Ever wondered what the Milky Way might sound like as it rotates on its axis? According to a new "musical expression" by an astronomer, it has distinctly jazz-like tones.
Mark Heyer of the University of Massachusetts Amherst developed an algorithm that expresses the movement of gases in the Milky Way's disc as musical notes. He's titled the resulting composition Milky Way Blues.
"This musical expression lets you 'hear' the motions of our Milky Way galaxy," Heyer says. "The notes primarily reflect the velocities of the gas rotating around the centre of our galaxy."
Using a pentatonic minor scale, he mapped 20 years of radio telescope data on gas in the Milky Way to musical notes and instruments.
The gases that fill the interstellar medium appear in three phases: atomic, molecular and ionised. They also move in certain directions - either towards us or away from us.
Based on their spectra, the gas phases were translated into musical instruments - woodblocks and piano for molecular gas, acoustic bass for atomic gas and saxophone for ionised gas.
High notes indicate gas that is moving towards us, and low notes are for gas that is moving away. Longer notes indicate a stronger emission line.
"Each observation is represented by a line showing where the telescope was pointing and the positions of the circles along a line show the locations of the gas in the galaxy responsible for the played notes," Heyer explains.
Turning astronomical data into music isn't a new idea. In fact, "music of the spheres" has been a philosophical concept for millennia - the idea that the movements of the celestial bodies can be considered a kind of music, although in practice it is more of a harmony than actual music.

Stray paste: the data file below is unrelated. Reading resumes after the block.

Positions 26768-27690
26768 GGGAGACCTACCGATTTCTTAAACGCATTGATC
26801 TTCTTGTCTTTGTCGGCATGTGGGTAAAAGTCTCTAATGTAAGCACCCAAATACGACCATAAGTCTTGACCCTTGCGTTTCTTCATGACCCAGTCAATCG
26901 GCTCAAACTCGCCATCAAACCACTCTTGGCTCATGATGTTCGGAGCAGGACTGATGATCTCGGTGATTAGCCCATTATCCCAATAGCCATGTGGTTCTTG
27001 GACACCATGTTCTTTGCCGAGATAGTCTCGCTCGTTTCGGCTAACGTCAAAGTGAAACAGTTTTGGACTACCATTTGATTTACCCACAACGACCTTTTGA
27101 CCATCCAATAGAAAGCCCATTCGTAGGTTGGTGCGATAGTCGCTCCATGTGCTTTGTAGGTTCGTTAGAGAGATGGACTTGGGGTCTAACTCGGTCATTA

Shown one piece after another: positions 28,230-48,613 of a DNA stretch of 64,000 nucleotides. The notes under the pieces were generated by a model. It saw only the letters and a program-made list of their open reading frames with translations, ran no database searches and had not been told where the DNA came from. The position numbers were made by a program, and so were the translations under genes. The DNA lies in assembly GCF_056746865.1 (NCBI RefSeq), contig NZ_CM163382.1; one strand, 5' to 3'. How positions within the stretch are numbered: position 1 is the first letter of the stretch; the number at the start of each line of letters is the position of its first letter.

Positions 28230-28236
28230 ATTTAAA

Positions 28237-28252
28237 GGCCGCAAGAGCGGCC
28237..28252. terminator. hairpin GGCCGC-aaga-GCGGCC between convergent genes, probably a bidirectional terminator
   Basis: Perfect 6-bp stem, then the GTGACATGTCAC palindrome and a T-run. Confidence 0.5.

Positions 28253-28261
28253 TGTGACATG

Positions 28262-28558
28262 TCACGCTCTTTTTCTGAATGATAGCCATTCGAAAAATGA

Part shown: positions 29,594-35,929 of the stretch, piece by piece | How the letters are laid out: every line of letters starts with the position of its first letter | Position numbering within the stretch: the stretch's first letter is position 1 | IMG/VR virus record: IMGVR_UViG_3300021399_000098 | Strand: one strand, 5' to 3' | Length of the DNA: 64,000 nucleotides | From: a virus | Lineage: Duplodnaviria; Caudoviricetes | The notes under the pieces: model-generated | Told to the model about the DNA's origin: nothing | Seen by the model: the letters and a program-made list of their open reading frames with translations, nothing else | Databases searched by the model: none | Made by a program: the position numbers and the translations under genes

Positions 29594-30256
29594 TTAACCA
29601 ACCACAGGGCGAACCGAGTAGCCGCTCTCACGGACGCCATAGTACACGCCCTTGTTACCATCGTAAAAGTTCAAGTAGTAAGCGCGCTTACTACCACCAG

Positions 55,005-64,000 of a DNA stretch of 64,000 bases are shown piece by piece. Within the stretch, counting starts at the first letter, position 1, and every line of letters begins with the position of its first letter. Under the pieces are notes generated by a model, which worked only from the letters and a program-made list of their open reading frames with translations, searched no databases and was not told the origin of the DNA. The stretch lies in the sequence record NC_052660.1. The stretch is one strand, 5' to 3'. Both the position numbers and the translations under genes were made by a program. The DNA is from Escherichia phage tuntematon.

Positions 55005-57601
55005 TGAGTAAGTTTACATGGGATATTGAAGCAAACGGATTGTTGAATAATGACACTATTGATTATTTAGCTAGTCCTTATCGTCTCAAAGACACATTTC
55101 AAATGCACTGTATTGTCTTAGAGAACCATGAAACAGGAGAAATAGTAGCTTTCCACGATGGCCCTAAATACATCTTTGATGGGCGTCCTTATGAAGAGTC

Johannes Kepler wrote The Harmony of the World in 1619 based on this concept, describing the planets as musical notes based on their orbital velocities.
More recently, astronomers have enjoyed translating their data as actual musical scores.
In 2014, Domenico Vicinanza, a project manager with European high-speed data network Géant, used 36 years' worth of cosmic ray detections by the Voyager probes to create a musical duet.
And in 2015, Burak Ulaş, an astronomer at the Izmir Turk College Planetarium in Turkey, released a piece he had composed based on the vibrations of the star Y Cam A.
And check this out. Photonic data from a Fermi gamma-ray burst, the most powerful explosions in the Universe, converted into musical notes:
Heyer's composition is currently featured on Astronomy Sound of the Month, a new website which features projects like these.
There, you can also hear other sounds from space, put together by astronomer Greg Salvesen of the University of California, who designed the visual element for Heyer's composition.
"You can just enjoy my compositions for the music, but if you want to follow the astronomy, that is there for you to learn about, too," Heyer said.
"It's just a cool and different way to appreciate the two together."